With 10 years (almost as 2016 is missing) of Tour de France finishing climbs on the spread sheets, it seemed time to have a look back and see if there was an interesting trend.

First to normalize the performance I used the Martin model assuming a Froome size rider of 67 kg and about 50% of ideal drafting for a CdA of 0.3. Then I used Townsend’s Critical Power altitude correction polynomial and normalized the power to a mean mid altitude of 1208 m.

Taking a look at the normalized data:

We’ve got a curvilinear looking plot that is a bit too stretched for the CP model but can be transformed to linear with a log x axis:

So log-linear model it is. However, I was curious if we could do better for accounting for some other variables such as placing, what stage it was, or the length of the stage. So I ran a step-wise regression in R using the leaps package:

What we see here is that our best model based on the Bayesian Information Criteria which balances model fit versus over-parameterization includes log(Time) as expected, length, and plus minus stage. Paradoxically, length was positively correlated with climbing power so with some hesitation I kept that in but dropped place and stage from the model.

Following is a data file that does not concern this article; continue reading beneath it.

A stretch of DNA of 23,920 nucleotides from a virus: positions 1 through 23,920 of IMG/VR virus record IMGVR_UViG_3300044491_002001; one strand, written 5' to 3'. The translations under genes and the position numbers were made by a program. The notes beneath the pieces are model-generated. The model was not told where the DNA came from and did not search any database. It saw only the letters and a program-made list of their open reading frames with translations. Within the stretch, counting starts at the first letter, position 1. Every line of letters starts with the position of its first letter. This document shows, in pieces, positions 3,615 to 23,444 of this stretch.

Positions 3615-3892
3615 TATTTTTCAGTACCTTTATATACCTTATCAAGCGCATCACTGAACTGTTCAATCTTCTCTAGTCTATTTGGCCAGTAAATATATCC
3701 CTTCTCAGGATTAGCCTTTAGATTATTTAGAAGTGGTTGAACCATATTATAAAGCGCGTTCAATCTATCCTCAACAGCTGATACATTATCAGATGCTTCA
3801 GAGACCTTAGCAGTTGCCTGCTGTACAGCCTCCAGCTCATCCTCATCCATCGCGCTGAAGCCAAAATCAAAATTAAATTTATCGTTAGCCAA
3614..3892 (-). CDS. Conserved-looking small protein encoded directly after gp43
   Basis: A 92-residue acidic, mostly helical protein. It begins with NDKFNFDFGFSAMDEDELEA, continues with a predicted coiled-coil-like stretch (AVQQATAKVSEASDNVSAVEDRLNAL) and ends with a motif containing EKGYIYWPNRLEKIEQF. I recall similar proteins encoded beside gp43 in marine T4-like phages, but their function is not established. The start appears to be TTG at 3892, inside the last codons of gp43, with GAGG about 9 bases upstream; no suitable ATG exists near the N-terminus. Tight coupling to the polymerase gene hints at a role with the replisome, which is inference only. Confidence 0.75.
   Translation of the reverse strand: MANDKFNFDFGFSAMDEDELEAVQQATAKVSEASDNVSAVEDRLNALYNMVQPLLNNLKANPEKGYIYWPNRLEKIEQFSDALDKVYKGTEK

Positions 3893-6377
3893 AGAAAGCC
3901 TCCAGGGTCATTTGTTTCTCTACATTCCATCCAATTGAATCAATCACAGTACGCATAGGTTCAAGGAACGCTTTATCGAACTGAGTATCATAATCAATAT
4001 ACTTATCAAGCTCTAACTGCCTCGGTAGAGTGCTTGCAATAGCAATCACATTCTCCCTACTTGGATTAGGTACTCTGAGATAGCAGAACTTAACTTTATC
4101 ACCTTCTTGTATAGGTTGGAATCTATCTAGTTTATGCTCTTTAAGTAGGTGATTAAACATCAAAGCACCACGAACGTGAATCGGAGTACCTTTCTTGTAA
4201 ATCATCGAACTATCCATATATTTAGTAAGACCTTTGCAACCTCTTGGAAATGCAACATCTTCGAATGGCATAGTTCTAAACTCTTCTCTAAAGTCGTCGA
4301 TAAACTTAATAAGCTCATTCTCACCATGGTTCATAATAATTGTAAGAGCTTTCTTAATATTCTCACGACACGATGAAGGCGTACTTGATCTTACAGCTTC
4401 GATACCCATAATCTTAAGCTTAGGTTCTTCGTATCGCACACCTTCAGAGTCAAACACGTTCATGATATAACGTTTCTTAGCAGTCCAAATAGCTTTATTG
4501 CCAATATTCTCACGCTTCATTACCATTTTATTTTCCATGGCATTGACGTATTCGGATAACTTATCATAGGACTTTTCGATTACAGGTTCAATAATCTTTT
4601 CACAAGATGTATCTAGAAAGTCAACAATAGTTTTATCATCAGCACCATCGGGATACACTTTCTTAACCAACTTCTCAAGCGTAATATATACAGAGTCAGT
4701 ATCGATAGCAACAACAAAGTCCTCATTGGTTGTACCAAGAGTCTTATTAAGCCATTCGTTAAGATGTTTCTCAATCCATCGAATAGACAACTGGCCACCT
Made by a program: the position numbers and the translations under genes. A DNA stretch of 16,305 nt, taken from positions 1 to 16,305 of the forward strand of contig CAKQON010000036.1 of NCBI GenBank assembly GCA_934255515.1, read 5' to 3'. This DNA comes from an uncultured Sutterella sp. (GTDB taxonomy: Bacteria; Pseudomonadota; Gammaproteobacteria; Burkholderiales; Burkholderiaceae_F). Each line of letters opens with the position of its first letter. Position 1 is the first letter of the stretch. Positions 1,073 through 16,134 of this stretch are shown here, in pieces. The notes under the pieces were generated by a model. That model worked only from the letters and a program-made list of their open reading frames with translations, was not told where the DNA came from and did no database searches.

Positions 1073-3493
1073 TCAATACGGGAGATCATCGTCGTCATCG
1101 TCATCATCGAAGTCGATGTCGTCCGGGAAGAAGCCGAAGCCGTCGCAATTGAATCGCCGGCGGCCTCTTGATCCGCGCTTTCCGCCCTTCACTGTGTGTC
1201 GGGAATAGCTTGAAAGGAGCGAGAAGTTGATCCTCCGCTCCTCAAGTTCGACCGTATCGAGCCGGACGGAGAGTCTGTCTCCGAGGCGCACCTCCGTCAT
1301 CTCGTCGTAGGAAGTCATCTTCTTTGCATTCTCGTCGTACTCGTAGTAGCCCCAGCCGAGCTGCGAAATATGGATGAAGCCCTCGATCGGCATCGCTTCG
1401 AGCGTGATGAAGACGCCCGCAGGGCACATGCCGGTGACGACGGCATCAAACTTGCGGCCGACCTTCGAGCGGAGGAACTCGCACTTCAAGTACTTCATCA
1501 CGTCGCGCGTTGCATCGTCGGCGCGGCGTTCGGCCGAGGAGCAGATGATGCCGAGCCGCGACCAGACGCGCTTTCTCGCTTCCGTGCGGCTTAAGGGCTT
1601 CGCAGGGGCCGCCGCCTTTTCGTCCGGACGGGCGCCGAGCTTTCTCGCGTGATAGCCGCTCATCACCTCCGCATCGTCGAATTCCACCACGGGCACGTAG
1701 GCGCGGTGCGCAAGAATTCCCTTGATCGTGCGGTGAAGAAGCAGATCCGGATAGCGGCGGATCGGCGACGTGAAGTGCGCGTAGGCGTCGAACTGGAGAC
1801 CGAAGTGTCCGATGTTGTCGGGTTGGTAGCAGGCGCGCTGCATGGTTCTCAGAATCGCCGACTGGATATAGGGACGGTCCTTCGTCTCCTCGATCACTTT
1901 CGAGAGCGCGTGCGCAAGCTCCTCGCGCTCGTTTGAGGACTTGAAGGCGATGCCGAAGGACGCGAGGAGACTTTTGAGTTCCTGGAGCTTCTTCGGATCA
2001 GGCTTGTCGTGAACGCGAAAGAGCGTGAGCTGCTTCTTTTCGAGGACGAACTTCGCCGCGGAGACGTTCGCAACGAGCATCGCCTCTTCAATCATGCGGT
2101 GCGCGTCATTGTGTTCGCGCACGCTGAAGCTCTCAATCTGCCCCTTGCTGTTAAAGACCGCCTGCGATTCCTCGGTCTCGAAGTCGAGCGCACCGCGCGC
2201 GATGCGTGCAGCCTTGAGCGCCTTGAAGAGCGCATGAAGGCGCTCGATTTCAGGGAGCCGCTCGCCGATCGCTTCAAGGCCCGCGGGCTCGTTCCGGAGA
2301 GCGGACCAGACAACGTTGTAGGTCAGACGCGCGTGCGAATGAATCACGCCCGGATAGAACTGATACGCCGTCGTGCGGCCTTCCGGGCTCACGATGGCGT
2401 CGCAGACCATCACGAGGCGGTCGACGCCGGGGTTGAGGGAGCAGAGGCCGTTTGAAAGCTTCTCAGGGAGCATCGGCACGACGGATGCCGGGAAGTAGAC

Fitting the model:

Things look pretty good. The black line is the model, the faint gray line is the confidence interval of the model and the dull red line the prediction interval.

With model in hand we can calculate the residuals of each performance and compare across years:

The black line is the mean, box and whiskers the quartiles, and circles are outlier points. As far as trends go, maybe the performances are more homogenous but otherwise the trend is effectively flat with year not being significant (P = 0.15).

I’m left with 2 or 3 take away questions here:

1. Why are finishing climbs faster at the end of longer stages? My guess is that the longer the slog up to the final climb the more cautious the GC racing is up to it… maybe?

2. Where are the motors ?

3. Why are bikes nearly twice the price; a top shelf 2008 Madone $7,700 vs 2017 Madone $13,000 ? I would expect 10 years of technological advancement in a man+machine type of sport to show up.

The good news, and I’ll call it that as much as my popularity seems to hinge on playing does it dope, is that over the past 10 years there does not seem to be an emergence of some new doping rocket-fuel. I’m by no means naive enough to see this as evidence of a clean sport. But it does at least support the idea that the illicit march has stalled for now.